Book tells a very unique story: there is a mysterious sea creature called Da–part pyramid, part giant squid–that controls the sea’s emotions. The story follows an unammed diver as he explores the dark depth of the ocean, and ultimately meets and defies Da. The other half of the story follows a lizard-creature preacher in a fedora as he tells the story of Da and the diver to a congregation of similar lizard-creatures.
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REVIEW: The Private Eye #1

Writer: Brian K. Vaughan

Artists: Marcos Martín & Muntsa Vicente

2013, The Panel Syndicate

Filed Under: Graphic Novel

Find it at The Panel Syndicate

The Private Eye #1

C4 Ratings...out of 10
Language..... 8
Entertainment..... 9
Depth..... 7
Visual Style..... 9

Last Monday the comics rumor/journalism site Bleeding Cool linked to a few teaser images that were posted to Spanish-language comic blogs announcing a new series from Brian K. Vaughan and Marcos Martín, who previously collaborated on Doctor Strange: the Oath, a mini-series for Marvel in the mid 2000s. The images were intriguing, and the names involved suggested a good read – Vaughan is the fan-favorite writer of Saga and Y: the Last Man, among other other celebrated titles, and Martín is best known for his work on Daredevil, The Amazing Spider-Man, and Batgirl: Year One. I anticipated learning more about the book in the coming weeks or months, the plot points and art from first issue gradually teased out in interviews and previews, dulling the surprise but confirming that it’s worth the three or four or however many dollars. That’s how comics are marketed today.

Then it was Tuesday, and suddenly the book, titled The Private Eye #1, was available, for however much I wanted to pay, through The Panel Syndicate (a new digital publisher started by Vaughan, Martín, and friends). All the excitement about The Private Eye was generated by its mere existence, and by the distribution method. Digital-only comics are nothing new, and neither is the “tip-jar” payment model (Radiohead’s In Rainbows is probably the most famous example, but there are many more across all mediums) but the two in tandem, and employed by high-profile creators, is novel, as is the minimalist promotional “campaign.” Vaughan and Martín trusted their audience to generate their own hype, something mainstream comic readers haven’t had to do very often in the past decade or so.
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REVIEW: The One Trick Rip-Off + Deep Cuts

Author: Paul Pope

2013 (reprinted), Image Comics

Filed under: Graphic Novel

C4 Ratings...out of 10
Language..... 6
Entertainment..... 8
Depth..... 8
Art......... 10

Paul Pope has never been prolific. But in the past decade or so, as he’s moved away from serialized storytelling to stand-alone works like Batman: Year 100, Heavy Liquid, and 100%, Pope’s comics output has reached “event” status – even a five or six page story in an otherwise forgettable anthology is worth celebrating. So the nearly 300 pages of material collected in The One Trick Rip-Off + Deep Cuts, from Image Comics, is almost an embarrassment of riches.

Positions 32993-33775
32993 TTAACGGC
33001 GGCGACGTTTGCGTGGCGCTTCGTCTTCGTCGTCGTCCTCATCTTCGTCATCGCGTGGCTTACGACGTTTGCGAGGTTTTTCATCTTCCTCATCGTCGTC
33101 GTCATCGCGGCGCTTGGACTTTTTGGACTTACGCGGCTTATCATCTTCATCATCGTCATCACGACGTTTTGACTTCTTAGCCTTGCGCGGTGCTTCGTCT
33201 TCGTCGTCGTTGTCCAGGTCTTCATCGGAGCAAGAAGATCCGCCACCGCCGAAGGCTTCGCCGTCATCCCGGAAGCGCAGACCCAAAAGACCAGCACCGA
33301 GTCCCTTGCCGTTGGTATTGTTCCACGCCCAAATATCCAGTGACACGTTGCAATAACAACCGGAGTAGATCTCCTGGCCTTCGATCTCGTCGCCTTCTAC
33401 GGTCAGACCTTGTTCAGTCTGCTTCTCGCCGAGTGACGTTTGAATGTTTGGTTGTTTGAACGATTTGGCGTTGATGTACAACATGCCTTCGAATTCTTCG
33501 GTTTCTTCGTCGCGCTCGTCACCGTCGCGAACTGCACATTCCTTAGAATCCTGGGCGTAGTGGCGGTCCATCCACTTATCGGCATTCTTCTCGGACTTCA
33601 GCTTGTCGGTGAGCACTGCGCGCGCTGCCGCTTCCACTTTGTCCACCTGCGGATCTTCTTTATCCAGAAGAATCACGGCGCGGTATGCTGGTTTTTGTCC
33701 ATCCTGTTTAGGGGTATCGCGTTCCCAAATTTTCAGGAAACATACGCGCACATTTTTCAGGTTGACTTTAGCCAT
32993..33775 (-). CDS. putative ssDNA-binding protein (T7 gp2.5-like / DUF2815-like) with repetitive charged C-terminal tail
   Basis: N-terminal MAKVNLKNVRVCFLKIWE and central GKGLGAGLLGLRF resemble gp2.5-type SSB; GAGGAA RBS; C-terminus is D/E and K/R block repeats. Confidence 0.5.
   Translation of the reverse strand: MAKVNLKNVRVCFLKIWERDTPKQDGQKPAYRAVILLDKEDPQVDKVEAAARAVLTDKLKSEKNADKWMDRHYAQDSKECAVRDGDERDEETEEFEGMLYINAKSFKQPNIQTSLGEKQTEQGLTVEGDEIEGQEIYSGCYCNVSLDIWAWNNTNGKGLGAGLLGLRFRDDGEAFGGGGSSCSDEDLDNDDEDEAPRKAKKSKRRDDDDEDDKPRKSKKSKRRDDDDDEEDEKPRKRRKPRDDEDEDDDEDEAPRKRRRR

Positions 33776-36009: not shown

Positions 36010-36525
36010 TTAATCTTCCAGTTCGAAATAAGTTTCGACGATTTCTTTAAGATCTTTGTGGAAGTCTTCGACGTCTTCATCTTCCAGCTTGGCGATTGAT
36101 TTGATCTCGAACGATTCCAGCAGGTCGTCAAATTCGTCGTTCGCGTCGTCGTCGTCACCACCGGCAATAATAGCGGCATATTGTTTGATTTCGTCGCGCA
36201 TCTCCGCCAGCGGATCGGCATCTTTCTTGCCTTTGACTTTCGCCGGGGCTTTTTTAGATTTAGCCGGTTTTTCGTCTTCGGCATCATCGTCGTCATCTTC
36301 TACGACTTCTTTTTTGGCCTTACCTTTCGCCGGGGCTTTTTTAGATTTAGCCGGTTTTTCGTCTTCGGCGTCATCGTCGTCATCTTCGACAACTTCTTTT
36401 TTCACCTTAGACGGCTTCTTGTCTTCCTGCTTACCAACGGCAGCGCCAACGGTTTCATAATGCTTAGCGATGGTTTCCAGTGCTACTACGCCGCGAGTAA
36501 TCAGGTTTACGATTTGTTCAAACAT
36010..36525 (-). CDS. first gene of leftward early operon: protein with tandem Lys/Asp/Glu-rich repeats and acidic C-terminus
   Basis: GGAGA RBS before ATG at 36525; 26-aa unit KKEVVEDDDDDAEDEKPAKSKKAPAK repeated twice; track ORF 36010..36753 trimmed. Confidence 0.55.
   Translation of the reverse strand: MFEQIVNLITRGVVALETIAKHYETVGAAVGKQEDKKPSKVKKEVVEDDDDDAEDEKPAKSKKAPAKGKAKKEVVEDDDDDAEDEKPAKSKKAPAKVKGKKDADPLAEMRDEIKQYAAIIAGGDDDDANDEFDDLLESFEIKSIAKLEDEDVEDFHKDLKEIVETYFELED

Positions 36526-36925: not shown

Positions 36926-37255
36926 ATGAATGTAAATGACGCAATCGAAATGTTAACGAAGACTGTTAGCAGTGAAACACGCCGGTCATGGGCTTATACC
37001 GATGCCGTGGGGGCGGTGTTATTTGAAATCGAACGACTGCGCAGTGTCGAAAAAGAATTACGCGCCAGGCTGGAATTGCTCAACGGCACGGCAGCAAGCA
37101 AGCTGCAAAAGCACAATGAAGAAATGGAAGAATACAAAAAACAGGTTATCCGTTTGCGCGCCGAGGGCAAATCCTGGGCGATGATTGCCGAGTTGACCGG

A little less than half of the handsome hardcover volume is devoted to a reprint of The One Trick Rip-Off (digitally recolored by Jamie Grant of All-Star Superman fame) and Dominic Regan, which was originally serialized in Dark Horse Presents in 1995 and 1996. The other half is a kind of memoir-bibliography, gathering together short stories that originally appeared in iconic 90s anthologies like Negative Burn and Dark Horse Presents. They’re arranged roughly chronologically, and represent Pope’s work as he moved from Cleveland to Toronto to Tokyo, and finally to New York City, where he lives today. The most recent of the “Deep Cuts” dates back to 2001; this is a younger Pope, the art a bit looser and more overtly manga-influenced, but no less compelling than his contemporary work.

Thematically, there is little difference between the Popes of then and now. The misadventures of youth, cityscapes with accompanying grime, and the vacillation between beauty and violence remain prominent in his work, and dominate “The One Trick Rip-Off”. The story follows Tubby and Vim, young lovers who plan to rob Tubby’s gang, the One Tricks, and run away together. Naturally, their plan gets contorted, and they face a violent climax that ends in a quiet, poetic pull up to the stars. There’s also a sci-fi/magical realist flavor to the story in the One Trick gang’s ability to distort anyone’s perception of reality using language – their one trick. The plot draws together spaghetti westerns, Donald Westlake’s Parker novels, and manga. It’s operatic, particularly the scenes between Vim and Tubby, and the heightened emotion makes the quieter scenes of Tubby wandering the desert, after being betrayed by his gang, all the more stunning.